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Making the Best out of Cold Peace

Stanley A Weiss, founding chairman of Business Executives for National Security, writes about how the United States and Russia can make the most of its less-than-perfect relationship:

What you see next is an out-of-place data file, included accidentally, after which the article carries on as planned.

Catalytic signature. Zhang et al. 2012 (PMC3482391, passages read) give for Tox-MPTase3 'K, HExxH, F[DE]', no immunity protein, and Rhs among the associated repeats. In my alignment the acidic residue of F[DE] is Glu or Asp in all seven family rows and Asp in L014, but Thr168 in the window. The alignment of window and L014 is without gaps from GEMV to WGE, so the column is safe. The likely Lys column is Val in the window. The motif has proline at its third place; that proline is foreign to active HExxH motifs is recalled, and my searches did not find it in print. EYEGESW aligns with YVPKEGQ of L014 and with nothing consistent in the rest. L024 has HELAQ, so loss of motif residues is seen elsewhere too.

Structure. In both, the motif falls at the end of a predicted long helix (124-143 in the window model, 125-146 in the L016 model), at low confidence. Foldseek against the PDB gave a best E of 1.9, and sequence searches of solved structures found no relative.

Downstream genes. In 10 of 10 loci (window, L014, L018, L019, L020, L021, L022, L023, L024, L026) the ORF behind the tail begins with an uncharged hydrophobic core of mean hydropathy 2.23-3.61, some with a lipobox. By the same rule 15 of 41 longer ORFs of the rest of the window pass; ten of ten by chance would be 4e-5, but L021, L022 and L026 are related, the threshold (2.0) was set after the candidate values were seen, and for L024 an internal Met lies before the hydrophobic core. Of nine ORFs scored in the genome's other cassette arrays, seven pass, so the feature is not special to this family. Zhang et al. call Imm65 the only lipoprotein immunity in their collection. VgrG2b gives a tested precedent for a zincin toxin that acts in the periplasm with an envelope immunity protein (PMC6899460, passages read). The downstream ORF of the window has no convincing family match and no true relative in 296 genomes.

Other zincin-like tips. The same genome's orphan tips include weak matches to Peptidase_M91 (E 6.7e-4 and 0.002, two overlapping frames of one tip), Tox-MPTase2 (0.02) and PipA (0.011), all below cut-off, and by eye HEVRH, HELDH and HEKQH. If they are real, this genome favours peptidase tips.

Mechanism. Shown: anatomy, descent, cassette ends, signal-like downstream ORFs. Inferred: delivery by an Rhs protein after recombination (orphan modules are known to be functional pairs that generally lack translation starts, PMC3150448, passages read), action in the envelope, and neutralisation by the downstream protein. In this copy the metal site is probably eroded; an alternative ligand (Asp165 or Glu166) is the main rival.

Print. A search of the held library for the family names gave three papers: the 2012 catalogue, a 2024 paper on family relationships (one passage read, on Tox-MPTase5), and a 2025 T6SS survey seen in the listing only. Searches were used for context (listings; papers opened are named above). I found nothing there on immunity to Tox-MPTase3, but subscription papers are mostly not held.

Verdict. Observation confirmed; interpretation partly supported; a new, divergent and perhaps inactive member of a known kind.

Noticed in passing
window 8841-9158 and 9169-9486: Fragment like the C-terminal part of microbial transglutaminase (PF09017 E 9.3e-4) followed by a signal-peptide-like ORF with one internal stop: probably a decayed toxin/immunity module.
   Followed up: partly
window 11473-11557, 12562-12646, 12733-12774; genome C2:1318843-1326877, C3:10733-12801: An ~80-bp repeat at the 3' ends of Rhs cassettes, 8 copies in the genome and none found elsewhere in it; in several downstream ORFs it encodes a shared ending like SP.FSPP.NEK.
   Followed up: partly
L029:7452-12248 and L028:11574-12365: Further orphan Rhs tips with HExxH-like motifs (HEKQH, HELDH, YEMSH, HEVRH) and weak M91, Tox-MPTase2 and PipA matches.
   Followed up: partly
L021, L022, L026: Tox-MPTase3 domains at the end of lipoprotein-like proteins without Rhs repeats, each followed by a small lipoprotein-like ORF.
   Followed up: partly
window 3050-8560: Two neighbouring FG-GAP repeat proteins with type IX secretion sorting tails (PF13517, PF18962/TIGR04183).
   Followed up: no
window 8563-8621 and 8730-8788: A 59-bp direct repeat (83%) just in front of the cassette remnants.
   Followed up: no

Going forward, Moscow and Washington should remember that, in many ways, they are made for each other. As the two largest nuclear powers – both victims of Islamic jihadis – there is no substitute for US-Russia cooperation in reducing nuclear arsenals, preventing the spread of weapons of mass destruction and combating terrorism. Washington won’t succeed in curtailing nuclear programs in North Korea and Iran without Moscow. Russia won’t truly succeed in diversifying its oil and gas-dependent economy, or gain membership of the World Trade Organization, without American investment and assistance. For its part, Washington might win back some Russian hearts with a little empathy for their post-Cold War trauma. After all, how would Americans react if, having lost the Cold War, their country disintegrated, the Warsaw Pact expanded to Mexico and Russia proposed installing a missile defense system in Cuba? “In the Russian mind, their country was flat on its back after the Cold War, and the US walked all over them,” says Brent Scowcroft, the national security advisor to the president George H W Bush. “The facts are almost irrelevant. That’s how Russians feel.” To avoid fueling Russian paranoia, the North Atlantic Treaty Organization should proceed slowly – if at all – with eventual membership for former Soviet states like Ukraine and Georgia. To show Moscow that the US welcomes a real economic partnership, Congress should finally repeal a Cold War relic – the Jackson-Vanik amendment, originally designed to promote Russian Jewish emigration – but which continues to block normal trade relations. For its part, Moscow must resolve its post-communist identity crisis and accept its 21st century post-superpower status rather than cling to illusions of a 19th century empire. This includes recognizing that zero-sum security thinking – including intimidation of smaller neighbors from the Baltic to Georgia – that ultimately leaves Russia more isolated and less secure.